NFTC President Testifies That Unilateral Iran Sanctions Legislation Would Come at a “Heavy Price”

Tuesday, 8 April 2008
“There is no question that Iran’s behavior poses grave concerns for the United States and our allies. Iran’s pursuit of a nuclear program is deeply troubling, and its documented support for terrorist organizations is unacceptable. These are serious problems that require the sustained attention of and involvement of the United States,” Reinsch said in his testimony. “But it is important to consider which approach is most likely to change the behavior we all want to see changed. By picking fights with our allies and limiting the ability of this and future presidents to negotiate directly with Iran, legislation like S. 970 would make it more difficult for the United States to address the threats posed by Iran.”
 
Reinsch cautioned, “Members of this Committee, as well as the Committee on Banking, Housing and Urban Affairs, must balance the need to stand strong against Iran’s unacceptable behavior against the risk of doing something counterproductive in an effort to address it.  Passing S. 970 would come at a heavy price.”
 
Citing a recent report from the Peterson Institute for International Economics, Reinsch noted that historically unilateral sanctions fail to achieve their intended purpose and are therefore largely ineffective in changing the behavior of sanctioned regimes. “Given that the regime has learned how to survive decades of sanctions, more pressure by the United States alone is very unlikely to convince Iran to change its behavior. Instead, the best hope of altering Iran’s behavior is through vigorous and unified multilateral pressure in concert with our allies and Security Council partners, combined with direct diplomacy with Iran,” Reinsch stated.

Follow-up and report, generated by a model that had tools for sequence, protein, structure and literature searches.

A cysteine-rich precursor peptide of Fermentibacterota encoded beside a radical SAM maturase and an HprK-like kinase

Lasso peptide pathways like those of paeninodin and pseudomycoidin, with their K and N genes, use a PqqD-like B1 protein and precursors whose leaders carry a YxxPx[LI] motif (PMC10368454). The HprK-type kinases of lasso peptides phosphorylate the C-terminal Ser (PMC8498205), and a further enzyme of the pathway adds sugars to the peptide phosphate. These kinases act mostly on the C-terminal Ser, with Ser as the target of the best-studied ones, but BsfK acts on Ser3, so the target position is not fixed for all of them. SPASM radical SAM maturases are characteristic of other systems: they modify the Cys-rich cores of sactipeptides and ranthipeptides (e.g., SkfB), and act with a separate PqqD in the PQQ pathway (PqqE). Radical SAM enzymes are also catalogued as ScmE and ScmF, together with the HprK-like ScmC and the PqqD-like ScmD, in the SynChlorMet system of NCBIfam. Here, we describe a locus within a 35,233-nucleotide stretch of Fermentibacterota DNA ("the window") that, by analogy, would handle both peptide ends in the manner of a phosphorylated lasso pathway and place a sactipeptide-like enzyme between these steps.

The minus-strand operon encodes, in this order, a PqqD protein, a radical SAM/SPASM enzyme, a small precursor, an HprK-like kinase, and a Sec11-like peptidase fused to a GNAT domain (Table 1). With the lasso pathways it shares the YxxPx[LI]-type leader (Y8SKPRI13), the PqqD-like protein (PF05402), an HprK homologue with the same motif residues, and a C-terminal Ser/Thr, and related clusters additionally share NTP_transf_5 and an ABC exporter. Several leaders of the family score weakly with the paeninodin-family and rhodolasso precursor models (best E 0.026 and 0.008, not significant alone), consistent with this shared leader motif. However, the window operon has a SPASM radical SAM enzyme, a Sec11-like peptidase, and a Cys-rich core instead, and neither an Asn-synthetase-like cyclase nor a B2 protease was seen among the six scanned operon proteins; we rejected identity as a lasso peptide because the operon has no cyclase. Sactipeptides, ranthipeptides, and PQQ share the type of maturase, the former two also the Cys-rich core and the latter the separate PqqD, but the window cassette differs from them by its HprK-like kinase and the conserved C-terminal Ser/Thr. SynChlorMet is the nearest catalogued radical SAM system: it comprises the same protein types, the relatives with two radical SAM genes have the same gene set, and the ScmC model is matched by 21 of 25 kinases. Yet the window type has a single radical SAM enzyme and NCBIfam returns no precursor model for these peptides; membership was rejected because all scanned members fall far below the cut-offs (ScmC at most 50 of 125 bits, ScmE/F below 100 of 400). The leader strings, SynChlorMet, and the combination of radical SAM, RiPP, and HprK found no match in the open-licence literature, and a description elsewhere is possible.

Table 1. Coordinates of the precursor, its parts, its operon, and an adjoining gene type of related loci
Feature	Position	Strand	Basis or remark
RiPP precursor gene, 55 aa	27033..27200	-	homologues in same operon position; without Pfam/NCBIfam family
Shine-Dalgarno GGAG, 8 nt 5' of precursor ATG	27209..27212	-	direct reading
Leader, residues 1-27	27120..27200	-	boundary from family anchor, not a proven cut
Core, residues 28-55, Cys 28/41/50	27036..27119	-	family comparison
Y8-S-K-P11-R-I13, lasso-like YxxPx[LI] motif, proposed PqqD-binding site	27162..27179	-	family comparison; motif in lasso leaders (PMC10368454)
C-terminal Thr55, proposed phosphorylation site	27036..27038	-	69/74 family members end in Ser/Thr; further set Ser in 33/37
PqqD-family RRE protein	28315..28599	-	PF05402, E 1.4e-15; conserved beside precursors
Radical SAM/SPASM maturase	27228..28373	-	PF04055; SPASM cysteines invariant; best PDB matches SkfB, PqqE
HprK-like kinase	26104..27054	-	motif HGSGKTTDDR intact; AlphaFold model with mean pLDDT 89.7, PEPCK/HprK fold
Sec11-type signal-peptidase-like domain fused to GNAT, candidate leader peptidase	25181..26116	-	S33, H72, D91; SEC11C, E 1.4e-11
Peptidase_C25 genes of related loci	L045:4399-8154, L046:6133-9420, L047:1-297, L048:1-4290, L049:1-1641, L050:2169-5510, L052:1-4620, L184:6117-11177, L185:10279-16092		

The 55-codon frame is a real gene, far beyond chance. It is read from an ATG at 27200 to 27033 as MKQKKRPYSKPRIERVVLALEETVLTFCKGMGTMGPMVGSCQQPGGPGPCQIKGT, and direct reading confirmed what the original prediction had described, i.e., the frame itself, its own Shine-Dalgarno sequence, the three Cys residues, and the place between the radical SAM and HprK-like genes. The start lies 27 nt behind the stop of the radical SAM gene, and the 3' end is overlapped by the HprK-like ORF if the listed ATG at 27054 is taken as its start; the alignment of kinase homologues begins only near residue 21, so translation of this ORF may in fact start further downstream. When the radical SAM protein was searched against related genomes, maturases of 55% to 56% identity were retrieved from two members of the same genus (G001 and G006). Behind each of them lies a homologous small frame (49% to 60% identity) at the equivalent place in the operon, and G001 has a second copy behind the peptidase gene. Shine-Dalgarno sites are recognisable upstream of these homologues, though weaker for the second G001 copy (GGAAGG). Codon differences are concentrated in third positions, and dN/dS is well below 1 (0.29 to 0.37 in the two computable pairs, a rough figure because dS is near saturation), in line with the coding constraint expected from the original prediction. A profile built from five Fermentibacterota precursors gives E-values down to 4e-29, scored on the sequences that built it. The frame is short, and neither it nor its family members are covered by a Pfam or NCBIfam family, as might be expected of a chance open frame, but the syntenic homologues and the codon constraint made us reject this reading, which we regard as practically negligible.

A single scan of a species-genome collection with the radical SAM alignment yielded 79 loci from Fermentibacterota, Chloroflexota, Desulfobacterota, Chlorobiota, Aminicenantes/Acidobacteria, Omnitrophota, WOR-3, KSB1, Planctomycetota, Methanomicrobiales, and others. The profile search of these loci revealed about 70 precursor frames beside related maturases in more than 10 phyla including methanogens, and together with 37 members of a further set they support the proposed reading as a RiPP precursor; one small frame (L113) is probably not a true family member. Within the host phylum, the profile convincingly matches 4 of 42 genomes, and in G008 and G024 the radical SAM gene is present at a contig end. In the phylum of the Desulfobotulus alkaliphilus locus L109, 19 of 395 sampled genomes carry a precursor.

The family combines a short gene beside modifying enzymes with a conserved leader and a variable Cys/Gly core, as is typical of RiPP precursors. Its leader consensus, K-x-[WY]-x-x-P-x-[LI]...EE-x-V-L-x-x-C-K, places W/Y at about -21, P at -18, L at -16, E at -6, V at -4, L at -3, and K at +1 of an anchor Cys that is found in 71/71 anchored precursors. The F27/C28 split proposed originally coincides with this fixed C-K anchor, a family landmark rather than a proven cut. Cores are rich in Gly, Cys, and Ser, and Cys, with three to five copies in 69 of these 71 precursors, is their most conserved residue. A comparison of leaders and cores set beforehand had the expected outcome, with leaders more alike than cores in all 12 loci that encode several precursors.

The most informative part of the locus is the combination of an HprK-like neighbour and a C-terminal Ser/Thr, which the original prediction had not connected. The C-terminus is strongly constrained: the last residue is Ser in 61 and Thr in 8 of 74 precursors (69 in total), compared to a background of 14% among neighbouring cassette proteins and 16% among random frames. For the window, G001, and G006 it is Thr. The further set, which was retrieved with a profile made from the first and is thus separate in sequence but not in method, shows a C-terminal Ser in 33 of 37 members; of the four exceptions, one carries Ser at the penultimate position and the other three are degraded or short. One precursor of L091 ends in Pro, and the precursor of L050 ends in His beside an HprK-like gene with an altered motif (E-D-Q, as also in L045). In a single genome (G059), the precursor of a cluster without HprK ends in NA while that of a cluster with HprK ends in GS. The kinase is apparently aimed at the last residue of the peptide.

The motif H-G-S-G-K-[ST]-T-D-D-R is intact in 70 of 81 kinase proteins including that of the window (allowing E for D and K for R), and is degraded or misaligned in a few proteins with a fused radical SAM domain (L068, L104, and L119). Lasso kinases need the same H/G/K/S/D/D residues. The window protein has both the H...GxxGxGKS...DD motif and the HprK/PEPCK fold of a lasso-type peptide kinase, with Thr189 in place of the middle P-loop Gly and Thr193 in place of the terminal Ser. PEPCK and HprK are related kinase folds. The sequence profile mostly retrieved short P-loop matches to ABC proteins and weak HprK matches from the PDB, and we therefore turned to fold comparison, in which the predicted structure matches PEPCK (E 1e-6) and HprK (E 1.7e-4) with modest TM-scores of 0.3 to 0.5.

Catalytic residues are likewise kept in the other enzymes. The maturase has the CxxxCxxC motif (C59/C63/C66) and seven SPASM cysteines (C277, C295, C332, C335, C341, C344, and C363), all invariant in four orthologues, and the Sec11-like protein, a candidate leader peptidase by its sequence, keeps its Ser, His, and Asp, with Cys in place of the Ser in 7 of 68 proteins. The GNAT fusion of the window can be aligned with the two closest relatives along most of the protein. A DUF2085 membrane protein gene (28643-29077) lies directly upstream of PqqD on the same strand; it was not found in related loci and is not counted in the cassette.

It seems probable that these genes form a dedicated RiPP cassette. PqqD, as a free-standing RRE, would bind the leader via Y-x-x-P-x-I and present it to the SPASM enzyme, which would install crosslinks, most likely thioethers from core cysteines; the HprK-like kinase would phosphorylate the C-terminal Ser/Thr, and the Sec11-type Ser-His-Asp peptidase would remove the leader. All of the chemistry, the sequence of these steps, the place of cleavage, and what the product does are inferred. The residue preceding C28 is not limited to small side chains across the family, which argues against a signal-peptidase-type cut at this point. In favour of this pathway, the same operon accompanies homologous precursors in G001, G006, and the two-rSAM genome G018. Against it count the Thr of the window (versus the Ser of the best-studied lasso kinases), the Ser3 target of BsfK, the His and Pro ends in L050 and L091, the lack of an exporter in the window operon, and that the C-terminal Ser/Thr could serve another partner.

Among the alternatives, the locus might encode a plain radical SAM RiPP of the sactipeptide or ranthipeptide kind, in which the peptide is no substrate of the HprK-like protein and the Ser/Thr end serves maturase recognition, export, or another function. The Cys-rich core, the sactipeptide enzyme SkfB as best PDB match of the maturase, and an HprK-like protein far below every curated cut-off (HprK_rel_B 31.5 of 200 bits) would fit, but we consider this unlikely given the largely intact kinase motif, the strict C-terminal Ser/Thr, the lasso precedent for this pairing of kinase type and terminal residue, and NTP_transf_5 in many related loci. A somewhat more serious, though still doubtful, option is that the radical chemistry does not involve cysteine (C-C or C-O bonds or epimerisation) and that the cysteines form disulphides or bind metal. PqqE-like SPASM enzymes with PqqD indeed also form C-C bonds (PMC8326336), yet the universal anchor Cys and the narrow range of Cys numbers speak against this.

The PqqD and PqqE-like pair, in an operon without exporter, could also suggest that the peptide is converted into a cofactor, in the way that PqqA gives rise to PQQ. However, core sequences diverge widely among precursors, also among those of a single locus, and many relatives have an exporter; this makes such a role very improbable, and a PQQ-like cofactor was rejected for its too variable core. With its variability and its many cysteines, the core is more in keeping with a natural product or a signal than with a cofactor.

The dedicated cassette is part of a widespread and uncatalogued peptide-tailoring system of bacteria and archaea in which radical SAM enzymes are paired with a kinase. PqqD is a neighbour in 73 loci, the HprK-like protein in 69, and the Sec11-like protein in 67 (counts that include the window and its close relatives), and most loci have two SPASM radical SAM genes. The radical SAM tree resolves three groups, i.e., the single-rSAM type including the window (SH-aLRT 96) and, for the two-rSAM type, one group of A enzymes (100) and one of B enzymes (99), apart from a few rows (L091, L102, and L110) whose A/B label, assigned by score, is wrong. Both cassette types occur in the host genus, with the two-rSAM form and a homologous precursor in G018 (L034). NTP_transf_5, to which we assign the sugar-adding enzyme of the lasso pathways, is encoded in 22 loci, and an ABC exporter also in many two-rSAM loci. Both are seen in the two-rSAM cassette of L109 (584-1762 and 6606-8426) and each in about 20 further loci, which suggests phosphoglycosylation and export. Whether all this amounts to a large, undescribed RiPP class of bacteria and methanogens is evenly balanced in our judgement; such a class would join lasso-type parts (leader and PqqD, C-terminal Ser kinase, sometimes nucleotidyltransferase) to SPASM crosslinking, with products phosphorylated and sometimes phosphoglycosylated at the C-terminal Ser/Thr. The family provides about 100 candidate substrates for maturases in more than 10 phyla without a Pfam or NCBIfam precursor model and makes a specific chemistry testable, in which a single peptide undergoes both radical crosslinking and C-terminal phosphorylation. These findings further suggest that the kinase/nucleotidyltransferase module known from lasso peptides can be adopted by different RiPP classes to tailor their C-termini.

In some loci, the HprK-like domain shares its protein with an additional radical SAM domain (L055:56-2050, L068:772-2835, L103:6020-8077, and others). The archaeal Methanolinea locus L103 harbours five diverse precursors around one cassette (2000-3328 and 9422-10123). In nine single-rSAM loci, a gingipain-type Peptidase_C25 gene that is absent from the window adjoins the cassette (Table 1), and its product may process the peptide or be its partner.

Reinsch discussed provisions included in S. 970, which would be counterproductive to efforts aimed at building multilateral support within the international community to put pressure on Iran. Among these, he noted Section 8 of the legislation, which would expand current U.S. unilateral sanctions to foreign companies and “would effectively penalize entities and individuals in the very countries whose cooperation we need to effectively counteract Iran’s behavior.”

In addition to endangering multilateral diplomacy, Reinsch argued that S. 970 also limits U.S. diplomatic efforts by including a provision that calls for codifying existing Executive Order prohibitions on all exports except food and medicine, and all Iranian imports. “Codifying these prohibitions would remove the ability of a U.S. president to offer incentives or to respond to positive developments in Iran in a timely fashion,” Reinsch stated. He also noted that this approach presents a number of humanitarian concerns, as exports like life-saving medical devices could be banned, negatively impacting the people of Iran.

A better approach, Reinsch said, would be to fund a high-level special envoy for Iran with the authority to engage in direct bilateral talks in partnership with the international community.  As he noted, “The United States has made some progress negotiating an end to North Korea's nuclear weapons program through direct diplomatic engagement. When it comes to Iran, there is already a framework for cooperation – security talks in Baghdad – and precedent – the United States and Iran cooperated in the past to support democratic governance in Afghanistan.”

“I will guarantee you that if S. 970 is enacted it will have serious unintended consequences which will be manifested rather quickly, and which would make our efforts to change Iran’s behavior significantly more difficult.  I strongly urge the Committee to reject this approach and instead to endorse diplomatic efforts with our allies and with Iran that are much more likely to result in a positive outcome,” Reinsch concluded.